Divergent phonological behaviour in heritage speakers of Sardinian
- Heritage speakers,
- Language change,
- Phonological competence,
- Phonological lexicon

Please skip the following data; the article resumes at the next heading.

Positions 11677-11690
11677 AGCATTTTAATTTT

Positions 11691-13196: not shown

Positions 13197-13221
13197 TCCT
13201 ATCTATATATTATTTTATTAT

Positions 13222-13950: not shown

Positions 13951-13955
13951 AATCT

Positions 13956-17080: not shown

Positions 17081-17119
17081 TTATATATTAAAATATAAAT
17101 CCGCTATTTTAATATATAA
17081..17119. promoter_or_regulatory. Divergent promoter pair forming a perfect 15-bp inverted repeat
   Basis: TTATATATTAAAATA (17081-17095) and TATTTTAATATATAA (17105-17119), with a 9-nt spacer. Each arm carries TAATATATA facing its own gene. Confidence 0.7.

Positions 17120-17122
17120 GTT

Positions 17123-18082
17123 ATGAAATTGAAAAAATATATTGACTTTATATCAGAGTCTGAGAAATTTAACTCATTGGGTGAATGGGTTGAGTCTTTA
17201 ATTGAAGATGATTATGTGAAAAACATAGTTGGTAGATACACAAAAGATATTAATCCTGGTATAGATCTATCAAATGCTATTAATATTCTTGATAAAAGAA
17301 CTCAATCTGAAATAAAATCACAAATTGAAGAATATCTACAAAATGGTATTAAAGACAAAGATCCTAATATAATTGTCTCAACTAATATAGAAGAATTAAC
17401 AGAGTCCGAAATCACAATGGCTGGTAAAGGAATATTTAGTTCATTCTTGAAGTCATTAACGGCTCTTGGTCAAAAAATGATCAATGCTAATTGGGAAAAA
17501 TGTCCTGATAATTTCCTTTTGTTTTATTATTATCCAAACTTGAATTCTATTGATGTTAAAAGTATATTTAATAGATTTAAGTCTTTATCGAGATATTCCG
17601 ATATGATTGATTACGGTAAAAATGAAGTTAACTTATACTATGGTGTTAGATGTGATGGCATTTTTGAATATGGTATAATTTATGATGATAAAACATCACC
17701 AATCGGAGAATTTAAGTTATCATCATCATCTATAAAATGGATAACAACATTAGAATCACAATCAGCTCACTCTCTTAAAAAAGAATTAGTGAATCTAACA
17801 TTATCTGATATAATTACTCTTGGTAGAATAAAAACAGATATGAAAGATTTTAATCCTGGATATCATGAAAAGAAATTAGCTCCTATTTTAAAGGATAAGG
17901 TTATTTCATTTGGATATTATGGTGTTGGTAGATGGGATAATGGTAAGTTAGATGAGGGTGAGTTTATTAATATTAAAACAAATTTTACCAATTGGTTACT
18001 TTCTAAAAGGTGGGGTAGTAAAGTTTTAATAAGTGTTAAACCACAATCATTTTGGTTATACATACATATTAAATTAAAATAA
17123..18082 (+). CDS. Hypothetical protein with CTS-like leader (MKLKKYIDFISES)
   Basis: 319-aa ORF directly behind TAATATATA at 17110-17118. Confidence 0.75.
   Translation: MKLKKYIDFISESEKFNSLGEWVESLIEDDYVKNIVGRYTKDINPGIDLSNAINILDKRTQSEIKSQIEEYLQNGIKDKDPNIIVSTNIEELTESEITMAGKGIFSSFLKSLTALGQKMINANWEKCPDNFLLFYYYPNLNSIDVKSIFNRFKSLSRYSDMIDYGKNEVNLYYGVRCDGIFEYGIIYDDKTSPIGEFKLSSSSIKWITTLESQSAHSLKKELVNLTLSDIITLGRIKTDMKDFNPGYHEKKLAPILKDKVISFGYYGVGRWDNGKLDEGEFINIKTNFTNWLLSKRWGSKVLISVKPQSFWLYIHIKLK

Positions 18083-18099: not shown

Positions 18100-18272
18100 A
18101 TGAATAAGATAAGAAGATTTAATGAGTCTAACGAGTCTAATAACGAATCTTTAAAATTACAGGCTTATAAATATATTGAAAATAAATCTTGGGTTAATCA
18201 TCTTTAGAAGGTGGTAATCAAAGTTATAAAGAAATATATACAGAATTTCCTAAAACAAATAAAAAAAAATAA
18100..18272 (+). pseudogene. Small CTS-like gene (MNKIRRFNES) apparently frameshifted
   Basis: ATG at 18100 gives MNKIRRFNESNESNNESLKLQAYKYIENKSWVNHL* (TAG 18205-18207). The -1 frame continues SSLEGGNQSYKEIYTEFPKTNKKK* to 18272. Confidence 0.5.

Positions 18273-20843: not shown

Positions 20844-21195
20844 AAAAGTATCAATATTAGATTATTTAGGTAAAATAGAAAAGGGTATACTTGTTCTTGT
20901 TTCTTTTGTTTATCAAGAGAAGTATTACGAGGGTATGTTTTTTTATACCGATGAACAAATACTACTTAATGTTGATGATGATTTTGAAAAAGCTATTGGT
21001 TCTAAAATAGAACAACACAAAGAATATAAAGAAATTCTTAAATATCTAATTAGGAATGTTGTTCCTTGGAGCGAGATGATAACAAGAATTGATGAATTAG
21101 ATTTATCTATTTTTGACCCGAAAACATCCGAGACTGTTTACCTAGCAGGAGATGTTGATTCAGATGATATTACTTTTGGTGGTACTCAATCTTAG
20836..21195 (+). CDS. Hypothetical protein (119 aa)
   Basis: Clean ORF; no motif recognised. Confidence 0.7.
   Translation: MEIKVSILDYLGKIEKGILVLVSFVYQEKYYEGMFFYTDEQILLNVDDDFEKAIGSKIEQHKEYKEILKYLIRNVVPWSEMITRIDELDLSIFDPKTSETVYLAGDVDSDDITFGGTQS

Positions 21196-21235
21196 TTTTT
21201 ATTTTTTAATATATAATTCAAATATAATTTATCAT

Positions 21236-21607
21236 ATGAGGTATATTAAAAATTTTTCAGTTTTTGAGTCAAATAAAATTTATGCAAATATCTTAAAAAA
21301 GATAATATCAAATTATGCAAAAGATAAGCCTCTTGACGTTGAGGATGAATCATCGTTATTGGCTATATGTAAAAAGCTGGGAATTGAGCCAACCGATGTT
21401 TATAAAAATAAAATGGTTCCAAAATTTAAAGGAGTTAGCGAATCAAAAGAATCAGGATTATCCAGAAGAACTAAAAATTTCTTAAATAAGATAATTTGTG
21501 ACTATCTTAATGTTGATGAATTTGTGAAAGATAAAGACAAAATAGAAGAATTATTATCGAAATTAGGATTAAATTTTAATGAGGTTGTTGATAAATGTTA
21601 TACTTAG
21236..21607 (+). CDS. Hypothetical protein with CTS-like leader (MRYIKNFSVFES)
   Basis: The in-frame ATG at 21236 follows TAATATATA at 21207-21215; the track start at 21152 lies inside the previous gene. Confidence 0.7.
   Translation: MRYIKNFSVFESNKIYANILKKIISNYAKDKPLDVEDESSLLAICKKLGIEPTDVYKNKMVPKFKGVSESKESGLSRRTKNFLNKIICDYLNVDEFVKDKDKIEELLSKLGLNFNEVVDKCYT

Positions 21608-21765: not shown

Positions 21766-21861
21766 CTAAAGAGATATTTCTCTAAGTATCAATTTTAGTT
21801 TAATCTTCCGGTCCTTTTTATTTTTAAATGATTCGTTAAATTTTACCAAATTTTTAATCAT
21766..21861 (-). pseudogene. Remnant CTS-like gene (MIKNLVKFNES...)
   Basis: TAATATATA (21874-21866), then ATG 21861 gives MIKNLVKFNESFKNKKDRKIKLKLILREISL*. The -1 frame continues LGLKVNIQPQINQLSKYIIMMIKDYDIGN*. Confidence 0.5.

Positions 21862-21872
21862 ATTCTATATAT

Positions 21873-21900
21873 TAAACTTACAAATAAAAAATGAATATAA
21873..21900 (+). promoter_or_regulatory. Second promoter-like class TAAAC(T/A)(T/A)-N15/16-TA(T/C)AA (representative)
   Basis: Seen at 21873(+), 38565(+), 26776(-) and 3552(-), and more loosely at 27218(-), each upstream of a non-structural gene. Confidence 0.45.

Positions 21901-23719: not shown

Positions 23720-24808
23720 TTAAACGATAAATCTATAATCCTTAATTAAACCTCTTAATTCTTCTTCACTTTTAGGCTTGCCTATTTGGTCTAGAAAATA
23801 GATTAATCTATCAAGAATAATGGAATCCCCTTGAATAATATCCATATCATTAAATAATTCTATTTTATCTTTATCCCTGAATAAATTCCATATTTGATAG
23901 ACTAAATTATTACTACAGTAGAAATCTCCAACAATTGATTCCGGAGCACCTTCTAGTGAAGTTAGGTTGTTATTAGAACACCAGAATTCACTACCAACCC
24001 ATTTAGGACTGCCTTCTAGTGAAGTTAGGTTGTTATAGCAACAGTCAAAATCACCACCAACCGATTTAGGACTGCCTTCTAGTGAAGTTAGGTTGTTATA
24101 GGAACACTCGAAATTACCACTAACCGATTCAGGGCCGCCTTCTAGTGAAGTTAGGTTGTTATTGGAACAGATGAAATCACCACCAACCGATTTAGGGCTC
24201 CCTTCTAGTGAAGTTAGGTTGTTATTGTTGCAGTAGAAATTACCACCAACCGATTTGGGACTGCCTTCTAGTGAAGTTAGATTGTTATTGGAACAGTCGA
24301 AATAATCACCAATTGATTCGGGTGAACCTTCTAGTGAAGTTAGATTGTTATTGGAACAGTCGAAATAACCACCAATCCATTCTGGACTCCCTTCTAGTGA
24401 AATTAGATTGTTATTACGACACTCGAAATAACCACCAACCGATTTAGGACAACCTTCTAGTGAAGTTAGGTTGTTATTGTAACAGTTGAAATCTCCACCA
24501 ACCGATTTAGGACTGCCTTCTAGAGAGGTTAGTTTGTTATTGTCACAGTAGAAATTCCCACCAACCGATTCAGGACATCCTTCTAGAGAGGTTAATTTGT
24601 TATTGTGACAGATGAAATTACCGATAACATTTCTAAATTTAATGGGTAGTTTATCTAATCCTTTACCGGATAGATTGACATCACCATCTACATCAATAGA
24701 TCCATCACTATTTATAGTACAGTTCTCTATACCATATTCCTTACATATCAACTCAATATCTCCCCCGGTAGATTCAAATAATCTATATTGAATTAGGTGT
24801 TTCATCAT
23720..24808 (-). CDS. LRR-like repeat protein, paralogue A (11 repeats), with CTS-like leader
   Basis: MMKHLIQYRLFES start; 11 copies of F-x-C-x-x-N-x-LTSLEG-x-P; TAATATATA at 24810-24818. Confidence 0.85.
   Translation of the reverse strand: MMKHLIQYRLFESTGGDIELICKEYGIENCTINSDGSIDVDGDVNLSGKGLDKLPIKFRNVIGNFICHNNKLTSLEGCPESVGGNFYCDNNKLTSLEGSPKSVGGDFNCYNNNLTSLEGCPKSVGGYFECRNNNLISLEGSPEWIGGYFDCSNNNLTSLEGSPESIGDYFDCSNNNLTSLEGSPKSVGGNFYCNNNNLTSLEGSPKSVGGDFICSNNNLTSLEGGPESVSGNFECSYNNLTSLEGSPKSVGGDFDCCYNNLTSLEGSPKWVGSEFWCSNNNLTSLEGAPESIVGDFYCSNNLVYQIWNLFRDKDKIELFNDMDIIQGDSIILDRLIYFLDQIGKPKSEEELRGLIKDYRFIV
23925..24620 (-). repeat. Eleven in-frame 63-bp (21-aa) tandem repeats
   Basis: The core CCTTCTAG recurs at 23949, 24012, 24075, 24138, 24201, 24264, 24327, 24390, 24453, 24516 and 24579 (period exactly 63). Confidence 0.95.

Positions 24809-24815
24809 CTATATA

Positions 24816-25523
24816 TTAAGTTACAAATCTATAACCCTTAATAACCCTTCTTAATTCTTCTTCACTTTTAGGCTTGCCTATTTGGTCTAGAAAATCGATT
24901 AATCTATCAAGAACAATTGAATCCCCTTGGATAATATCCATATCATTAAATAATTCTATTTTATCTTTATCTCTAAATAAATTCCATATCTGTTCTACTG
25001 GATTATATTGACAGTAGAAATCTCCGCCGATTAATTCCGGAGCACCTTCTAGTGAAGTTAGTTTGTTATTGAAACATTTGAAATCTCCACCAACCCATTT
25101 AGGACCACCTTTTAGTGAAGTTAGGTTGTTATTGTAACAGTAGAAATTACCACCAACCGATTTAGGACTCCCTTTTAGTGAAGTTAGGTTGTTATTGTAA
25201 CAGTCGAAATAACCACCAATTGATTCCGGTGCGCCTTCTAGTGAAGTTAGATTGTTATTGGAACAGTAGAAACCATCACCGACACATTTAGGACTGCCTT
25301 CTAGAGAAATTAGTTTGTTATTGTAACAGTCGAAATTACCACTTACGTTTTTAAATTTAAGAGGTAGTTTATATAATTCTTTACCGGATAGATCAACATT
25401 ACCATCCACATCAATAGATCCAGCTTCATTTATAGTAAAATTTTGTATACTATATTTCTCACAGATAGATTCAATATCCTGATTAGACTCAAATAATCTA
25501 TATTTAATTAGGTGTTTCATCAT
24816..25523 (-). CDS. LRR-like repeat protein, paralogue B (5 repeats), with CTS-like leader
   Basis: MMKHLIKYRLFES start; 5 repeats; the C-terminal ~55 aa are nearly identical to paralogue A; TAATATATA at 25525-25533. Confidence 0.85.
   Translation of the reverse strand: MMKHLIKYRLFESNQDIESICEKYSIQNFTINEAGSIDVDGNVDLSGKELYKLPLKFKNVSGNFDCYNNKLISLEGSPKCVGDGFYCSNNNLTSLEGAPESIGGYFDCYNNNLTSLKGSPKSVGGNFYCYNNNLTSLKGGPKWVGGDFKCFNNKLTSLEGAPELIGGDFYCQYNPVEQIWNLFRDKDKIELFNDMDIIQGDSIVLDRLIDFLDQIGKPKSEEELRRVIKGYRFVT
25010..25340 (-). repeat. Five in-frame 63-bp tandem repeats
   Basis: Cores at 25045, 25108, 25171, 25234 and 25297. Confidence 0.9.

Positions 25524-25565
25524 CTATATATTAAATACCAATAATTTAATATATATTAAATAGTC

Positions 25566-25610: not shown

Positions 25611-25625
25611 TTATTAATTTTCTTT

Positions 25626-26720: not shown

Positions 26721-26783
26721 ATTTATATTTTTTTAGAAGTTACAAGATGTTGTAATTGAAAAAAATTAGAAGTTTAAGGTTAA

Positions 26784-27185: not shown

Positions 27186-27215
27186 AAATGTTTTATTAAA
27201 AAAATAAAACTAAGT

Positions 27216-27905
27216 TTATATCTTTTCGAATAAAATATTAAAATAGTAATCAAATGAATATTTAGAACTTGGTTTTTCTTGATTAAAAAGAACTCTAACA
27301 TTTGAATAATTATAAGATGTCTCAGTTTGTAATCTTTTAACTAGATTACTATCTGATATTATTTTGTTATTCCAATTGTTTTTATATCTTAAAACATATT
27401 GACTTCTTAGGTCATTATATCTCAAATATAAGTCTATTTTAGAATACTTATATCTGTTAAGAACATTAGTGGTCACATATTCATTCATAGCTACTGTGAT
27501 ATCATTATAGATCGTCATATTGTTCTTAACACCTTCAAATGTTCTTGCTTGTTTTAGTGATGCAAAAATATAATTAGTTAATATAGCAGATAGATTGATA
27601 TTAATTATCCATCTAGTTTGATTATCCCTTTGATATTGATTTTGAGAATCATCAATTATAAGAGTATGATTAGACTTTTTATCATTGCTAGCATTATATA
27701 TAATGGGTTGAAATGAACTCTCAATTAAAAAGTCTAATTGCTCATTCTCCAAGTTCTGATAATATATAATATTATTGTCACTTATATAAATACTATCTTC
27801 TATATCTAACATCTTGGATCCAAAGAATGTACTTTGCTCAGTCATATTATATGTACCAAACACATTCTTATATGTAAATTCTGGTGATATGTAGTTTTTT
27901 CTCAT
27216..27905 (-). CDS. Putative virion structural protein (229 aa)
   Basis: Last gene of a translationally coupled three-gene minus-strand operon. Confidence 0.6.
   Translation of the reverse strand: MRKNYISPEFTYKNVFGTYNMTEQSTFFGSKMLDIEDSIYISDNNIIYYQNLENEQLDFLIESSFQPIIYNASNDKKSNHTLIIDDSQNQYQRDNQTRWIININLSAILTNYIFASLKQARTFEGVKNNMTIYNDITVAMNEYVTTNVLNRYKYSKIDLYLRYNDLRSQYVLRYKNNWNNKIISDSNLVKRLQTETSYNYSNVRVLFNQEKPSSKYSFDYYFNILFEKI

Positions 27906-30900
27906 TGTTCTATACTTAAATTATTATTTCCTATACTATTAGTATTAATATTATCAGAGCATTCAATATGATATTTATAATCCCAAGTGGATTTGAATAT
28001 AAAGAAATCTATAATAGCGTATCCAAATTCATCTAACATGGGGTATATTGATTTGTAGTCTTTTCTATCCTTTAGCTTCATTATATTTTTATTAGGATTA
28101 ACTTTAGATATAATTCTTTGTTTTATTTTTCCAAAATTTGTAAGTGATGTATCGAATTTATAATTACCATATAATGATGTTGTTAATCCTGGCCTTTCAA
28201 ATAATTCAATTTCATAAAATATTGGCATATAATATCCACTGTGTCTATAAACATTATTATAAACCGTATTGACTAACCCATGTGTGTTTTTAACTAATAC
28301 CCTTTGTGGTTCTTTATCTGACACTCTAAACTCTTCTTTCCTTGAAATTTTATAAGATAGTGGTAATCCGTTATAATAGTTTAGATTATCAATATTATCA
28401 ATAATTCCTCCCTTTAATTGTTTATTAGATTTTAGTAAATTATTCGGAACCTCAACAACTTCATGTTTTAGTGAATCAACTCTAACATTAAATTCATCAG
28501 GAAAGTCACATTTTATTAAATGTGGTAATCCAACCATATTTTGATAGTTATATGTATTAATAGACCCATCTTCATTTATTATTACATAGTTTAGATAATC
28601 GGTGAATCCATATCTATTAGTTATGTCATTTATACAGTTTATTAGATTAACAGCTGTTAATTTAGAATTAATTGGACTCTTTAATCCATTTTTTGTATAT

In the literature on heritage speakers, phonology is often described as a comparatively well-preserved component of language competence. It does seem to be the case that heritage speakers, even when not fully proficient in some areas of grammar, sound superficially native-like as far as phonology is concerned. But does this picture hold up under closer scrutiny? This contribution deals with Sardinian, a language with an especially complex interplay of a stratified phonological lexicon and various phonological rules at word-boundaries. We will consider younger speakers of this minority language, who have experienced a break in the parental transmission in favour of the dominant language (Italian) and see whether they are able to master the finer aspects of Sardinian phonology. Fieldwork results will be presented showing that a drastic simplification of the system is under way, probably under the influence of Italian itself.